We introduced the component properties in the previous section, but you can use a lot of different properties in the processes depending on the environments or the resources that compose it.

For example, the installation path where you want to install your component can be different due to the resources where you are installing. The process should be general and should be used on all the environments. Thus the installation path can be specified as a variable property. The property can be defined at different levels:

  • Component level is the default value of the property. So if it's not specified at the environment or resource levels, it is set with this value.
  • Environment level is defined under the component's or environment's Properties tab. While both use the same syntax, the latter is not associated with any specific component. Values are supplied on the associated environment or component. A value that is set on a component environment overrides one with the same name set directly on an environment property; and is referenced by ${p:environment/<property_name>}.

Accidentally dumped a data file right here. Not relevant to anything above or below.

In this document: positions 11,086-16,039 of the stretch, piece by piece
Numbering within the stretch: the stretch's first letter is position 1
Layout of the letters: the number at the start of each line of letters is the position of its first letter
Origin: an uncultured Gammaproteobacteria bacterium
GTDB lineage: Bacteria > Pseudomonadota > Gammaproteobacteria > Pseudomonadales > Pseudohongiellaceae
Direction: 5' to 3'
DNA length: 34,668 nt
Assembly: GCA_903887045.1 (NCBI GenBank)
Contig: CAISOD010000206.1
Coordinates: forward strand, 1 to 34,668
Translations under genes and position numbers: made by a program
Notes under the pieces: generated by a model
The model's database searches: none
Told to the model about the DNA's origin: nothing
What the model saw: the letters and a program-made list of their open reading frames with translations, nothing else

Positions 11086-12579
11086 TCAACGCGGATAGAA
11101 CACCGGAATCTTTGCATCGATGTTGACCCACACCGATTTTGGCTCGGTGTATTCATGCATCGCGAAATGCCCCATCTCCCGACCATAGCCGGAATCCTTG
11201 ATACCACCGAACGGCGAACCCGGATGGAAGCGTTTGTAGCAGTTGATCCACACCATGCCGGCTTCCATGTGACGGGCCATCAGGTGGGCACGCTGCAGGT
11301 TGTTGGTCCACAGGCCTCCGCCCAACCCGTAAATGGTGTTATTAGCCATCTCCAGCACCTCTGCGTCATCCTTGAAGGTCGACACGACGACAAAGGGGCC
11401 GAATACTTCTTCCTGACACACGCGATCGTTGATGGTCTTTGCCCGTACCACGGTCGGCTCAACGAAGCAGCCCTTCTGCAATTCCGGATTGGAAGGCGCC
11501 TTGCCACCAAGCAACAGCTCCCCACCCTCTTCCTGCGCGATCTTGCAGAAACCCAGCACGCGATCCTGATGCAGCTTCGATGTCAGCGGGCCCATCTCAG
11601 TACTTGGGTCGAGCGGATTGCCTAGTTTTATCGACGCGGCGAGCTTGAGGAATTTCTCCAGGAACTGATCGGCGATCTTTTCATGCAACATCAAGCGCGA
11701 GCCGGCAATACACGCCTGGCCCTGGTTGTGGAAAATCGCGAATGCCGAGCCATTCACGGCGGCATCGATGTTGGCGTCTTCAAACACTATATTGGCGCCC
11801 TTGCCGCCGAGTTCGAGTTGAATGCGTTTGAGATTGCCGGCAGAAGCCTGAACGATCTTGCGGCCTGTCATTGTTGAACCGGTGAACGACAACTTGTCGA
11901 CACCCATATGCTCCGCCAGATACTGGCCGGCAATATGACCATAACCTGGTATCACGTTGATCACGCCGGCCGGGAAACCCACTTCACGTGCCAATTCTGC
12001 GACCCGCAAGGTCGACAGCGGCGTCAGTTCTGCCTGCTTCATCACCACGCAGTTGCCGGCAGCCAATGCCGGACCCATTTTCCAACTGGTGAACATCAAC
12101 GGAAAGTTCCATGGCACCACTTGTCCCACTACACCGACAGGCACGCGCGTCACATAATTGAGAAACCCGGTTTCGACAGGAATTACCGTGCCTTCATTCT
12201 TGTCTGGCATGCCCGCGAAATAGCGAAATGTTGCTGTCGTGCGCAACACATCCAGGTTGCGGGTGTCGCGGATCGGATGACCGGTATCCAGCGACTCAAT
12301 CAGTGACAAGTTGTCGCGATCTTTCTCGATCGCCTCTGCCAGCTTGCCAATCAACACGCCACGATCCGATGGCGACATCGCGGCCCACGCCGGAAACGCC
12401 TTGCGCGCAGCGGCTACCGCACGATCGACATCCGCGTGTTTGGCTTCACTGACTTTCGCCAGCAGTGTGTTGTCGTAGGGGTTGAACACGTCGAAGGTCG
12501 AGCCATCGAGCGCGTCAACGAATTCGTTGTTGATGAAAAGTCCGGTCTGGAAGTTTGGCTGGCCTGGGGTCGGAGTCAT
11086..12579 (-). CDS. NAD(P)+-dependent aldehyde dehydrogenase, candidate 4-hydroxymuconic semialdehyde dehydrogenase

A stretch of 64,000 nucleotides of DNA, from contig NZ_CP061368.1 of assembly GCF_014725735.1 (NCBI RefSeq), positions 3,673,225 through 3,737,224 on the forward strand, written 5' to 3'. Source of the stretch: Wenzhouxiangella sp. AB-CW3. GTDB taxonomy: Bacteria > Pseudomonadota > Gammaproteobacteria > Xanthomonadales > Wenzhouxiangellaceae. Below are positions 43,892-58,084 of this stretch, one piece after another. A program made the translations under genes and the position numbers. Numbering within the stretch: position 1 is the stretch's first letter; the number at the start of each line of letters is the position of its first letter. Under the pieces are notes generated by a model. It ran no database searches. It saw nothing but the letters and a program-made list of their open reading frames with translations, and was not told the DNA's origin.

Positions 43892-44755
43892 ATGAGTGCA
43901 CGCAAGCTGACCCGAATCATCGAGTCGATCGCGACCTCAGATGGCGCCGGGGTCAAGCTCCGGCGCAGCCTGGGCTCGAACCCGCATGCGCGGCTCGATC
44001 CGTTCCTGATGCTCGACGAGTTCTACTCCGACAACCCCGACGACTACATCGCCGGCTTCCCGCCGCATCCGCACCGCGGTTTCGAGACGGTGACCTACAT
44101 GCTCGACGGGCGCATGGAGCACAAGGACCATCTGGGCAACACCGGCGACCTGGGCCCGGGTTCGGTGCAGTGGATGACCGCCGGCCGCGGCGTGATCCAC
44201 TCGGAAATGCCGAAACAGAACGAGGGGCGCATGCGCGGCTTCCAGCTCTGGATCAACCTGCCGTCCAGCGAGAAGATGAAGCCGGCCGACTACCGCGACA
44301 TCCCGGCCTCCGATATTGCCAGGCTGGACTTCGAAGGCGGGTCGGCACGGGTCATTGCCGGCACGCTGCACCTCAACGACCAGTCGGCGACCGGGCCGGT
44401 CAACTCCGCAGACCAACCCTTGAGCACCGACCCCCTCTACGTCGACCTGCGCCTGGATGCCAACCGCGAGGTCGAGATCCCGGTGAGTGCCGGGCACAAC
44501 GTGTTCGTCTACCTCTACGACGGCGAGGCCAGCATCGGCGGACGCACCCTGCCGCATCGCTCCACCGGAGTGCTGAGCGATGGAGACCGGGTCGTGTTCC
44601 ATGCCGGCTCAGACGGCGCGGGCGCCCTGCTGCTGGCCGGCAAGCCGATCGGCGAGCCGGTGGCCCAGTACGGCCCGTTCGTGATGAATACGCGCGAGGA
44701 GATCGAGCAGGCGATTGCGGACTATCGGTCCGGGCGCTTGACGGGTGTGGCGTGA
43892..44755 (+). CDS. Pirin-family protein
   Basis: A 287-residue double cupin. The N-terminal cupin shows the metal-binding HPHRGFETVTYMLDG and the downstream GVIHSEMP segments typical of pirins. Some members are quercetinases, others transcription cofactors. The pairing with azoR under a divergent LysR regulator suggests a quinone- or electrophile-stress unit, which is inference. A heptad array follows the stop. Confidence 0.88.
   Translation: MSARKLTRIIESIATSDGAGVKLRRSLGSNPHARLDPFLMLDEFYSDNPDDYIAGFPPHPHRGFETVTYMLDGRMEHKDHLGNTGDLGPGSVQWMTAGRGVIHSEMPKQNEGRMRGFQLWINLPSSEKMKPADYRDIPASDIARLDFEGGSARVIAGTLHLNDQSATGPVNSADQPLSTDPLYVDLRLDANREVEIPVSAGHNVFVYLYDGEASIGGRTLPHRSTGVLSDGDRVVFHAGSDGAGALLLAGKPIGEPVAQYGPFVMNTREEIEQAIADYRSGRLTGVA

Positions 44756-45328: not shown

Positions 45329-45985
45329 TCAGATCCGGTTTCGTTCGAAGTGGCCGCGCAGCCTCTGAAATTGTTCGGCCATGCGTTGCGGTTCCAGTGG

• Resource level properties can include the built-in agent properties and any custom properties. Each of these properties has a tab on the resource and are referenced by ${p:resource/<property_name>}.

If the property is defined in multiple places, its value is determined by the property order of precedence. The following list defines the order of precedence from highest to lowest:

  • Process
  • Component version
  • Resource
  • Agent
  • Environment
  • Component
  • Application
  • System

Define the continuous delivery workflows on UrbanCode Deploy

After you define your environment you can begin defining the application processes. Application processes, like component processes, are created with the process editor. UrbanCode Deploy provides several common process steps. Otherwise, application processes are assembled from processes that are defined for their associated components.

It is possible to define different steps for each associated component, for example:

  • Install
  • Uninstall
  • Rollback
  • Run process for each version
  • Apply configuration

You can define each application process step to be run only on a resource with specific tag.